What is Tracked files and Untracked files in the context of GIT?
I’m new to Git. I wish to know what are tracked and untracked files?
I read “Pro Git”, but still couldn’t quite understand.
Can someone explain to me the difference between the two by providing an example?
- git diff files not in repository against files in repository
- Git untracked/unstaged files right after clone
- git commit modified and untracked content
- Git ignore and untrack file
- why git status shows “working directory clean” even after I add a new file
4 Solutions collect form web for “What is Tracked files and Untracked files in the context of GIT?”
A file is tracked if it is under version control.
As a small example, a C++ project would have
Makefile main.cpp interface.hpp worker.cpp
as source files; you’d put these under version control. During build,
main.o worker.o myapp
are generated; these do not belong under version control, so you do not use
git add on them. They remain untracked, because git does not care what happens to them. Until you add them to
.gitignore (the .o files are ignored by default), git does not known whether you want to add or ignore them, so it displays them with the
git status command until you make a decision.
Whether a file is tracked or not also depends on the version — suppose you autogenerate
worker.cpp and remove it from version control at a later version. The file is now untracked in that version. When you go back to a version where the file was still under version control, git will refuse to overwrite that file during checkout.
Tracked files are the one handled (version controlled) by Git, that were once added and committed. Untracked files are most of the time files you don’t want to be controlled, because for example they are generated by your compiler.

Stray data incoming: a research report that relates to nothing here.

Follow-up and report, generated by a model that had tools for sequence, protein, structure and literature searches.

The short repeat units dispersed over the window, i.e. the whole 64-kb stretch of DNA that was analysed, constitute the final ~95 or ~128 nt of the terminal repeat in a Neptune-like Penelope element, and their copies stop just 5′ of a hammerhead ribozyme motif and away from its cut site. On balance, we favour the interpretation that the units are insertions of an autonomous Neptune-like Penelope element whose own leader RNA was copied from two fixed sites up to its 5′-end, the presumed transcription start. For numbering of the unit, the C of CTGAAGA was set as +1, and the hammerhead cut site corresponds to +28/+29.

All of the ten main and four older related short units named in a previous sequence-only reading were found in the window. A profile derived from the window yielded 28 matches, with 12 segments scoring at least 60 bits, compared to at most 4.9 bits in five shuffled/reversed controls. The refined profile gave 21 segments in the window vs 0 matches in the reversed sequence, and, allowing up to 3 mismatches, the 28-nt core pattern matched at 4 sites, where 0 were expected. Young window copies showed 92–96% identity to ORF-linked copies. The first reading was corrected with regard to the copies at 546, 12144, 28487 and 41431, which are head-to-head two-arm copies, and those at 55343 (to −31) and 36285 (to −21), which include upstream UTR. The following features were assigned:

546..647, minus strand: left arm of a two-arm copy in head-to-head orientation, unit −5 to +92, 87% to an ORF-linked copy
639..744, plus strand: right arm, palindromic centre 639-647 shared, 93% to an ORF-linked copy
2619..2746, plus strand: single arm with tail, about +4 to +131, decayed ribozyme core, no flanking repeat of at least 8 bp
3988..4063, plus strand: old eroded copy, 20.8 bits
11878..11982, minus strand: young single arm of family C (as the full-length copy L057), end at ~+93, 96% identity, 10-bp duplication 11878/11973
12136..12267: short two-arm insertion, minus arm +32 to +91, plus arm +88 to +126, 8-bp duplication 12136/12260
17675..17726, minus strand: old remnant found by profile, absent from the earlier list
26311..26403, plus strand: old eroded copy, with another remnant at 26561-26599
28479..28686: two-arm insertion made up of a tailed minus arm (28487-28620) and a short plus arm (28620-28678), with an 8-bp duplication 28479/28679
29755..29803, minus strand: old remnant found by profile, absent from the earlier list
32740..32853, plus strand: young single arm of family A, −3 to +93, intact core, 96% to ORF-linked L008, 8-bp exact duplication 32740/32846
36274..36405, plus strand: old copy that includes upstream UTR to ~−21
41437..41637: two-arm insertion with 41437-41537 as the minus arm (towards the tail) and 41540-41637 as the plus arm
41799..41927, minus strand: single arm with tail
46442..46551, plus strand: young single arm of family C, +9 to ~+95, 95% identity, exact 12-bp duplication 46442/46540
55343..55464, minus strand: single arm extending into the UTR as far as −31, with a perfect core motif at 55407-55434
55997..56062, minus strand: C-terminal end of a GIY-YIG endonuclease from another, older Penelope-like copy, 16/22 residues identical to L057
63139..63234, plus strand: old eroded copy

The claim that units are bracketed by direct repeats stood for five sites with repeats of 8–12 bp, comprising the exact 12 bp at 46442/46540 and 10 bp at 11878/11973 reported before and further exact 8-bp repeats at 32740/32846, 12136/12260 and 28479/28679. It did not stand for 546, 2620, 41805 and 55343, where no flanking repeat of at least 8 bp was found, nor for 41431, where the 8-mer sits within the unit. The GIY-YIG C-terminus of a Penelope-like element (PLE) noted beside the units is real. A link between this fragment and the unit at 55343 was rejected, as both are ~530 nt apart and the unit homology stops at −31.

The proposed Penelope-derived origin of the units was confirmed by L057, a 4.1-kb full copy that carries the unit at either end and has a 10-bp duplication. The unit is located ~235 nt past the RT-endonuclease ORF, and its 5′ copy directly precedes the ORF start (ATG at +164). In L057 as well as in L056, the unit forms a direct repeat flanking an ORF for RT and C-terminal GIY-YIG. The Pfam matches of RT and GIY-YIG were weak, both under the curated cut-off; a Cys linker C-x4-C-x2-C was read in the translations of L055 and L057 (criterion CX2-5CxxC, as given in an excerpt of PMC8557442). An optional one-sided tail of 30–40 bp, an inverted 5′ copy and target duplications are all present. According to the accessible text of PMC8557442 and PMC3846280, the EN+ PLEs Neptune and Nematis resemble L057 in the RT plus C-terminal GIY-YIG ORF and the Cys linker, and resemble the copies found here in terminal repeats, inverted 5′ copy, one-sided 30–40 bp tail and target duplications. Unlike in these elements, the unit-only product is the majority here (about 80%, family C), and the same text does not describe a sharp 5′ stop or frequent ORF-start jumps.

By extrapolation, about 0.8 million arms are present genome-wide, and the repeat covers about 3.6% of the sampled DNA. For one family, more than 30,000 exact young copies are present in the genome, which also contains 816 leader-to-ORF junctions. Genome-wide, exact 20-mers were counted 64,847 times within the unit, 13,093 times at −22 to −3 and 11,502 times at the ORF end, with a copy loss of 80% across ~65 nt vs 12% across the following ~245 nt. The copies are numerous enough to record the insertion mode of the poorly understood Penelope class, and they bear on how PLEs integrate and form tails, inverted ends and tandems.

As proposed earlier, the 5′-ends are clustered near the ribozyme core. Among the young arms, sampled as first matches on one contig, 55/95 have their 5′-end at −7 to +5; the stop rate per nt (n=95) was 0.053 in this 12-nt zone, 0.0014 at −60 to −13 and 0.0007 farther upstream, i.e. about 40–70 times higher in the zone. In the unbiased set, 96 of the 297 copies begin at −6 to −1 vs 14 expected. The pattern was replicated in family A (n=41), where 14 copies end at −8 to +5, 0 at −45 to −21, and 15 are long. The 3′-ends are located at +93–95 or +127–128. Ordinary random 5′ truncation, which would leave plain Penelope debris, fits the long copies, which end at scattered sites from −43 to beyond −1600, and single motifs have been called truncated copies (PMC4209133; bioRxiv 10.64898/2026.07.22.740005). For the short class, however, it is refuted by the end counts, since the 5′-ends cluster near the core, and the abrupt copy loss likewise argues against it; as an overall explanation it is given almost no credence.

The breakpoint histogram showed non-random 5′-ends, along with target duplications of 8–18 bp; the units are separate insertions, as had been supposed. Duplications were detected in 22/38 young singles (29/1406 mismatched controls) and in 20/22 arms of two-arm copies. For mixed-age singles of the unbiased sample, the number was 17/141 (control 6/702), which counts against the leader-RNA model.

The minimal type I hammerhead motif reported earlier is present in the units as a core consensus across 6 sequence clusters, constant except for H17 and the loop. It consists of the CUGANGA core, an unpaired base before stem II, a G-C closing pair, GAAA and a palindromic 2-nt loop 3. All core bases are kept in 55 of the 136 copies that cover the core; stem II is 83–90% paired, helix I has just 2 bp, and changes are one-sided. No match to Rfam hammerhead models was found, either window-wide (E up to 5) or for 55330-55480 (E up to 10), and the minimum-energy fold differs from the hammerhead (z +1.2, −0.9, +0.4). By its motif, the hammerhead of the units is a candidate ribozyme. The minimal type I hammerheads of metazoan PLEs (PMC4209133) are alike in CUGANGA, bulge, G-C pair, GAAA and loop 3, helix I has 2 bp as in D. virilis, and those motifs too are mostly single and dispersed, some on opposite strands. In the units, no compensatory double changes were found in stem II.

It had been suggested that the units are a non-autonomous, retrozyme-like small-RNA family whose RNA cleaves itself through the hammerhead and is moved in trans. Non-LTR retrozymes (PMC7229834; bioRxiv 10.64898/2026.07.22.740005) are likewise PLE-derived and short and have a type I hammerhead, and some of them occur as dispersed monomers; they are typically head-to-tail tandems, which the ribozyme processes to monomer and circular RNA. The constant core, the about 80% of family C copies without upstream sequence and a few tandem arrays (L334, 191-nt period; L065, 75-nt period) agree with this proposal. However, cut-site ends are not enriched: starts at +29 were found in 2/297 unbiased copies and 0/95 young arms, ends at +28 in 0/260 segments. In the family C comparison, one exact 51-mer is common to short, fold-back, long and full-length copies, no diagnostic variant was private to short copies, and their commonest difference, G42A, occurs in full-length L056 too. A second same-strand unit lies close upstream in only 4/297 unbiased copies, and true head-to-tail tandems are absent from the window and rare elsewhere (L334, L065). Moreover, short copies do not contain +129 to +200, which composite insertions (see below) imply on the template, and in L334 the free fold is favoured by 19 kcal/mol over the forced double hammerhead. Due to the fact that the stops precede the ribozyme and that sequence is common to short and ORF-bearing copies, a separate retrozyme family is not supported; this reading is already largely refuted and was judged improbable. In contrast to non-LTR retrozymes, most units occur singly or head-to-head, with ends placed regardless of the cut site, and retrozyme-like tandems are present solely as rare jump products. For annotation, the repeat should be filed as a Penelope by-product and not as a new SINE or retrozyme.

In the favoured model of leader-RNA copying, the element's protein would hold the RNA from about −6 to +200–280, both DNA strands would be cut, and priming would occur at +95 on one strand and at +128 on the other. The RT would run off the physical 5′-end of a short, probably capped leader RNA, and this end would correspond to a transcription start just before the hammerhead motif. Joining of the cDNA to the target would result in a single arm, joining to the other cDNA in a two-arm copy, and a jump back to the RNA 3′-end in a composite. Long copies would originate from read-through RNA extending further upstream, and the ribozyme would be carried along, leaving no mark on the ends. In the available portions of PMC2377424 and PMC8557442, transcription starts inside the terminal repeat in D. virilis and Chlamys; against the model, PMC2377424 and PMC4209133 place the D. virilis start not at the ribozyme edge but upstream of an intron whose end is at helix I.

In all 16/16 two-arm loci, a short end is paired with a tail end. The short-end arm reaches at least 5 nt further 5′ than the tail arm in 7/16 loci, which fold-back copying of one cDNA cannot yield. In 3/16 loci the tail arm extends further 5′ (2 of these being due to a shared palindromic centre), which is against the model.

You add untracked files to the
.gitignore file, so that Git don’t ask you if you want to track them.
The Git Pro book chapter you mention tries to detail the notion of untracked file:
When you checkout a given SHA1, you get a “snapshot” of all versioned files.
Any file not referenced by this snapshot is untracked. It isn’t part of the Git tree:
See “git – how to tell if a file is git tracked (by shell exit code)?”
Any file that you want to ignore must be untracked (as explained in this GitHub help page).
Note that git will not ignore a file that was already tracked before a rule was added to this file to ignore it.
In such a case the file must be un-tracked, usually with
git rm --cached filename
From a purely technical perspective: A tracked file is simply a file that exists in the Git index. To say it’s a file “under version control” is misleading, because this suggests that it’s a file that made it into the repo–and that’s not necessary for a file to be tracked.
When you init a new Git repo, the index is empty and all files in your working directory are untracked. A file gets tracked when it’s added to the index–at which point a SHA-1 hash is created for it and an object entry is placed into the .Git\Objects folder. From that moment on, Git is able to compare the contents/name of the same file in the working directory in order to track changes, renames, and deletes. As long as the file exists in the index, it is tracked.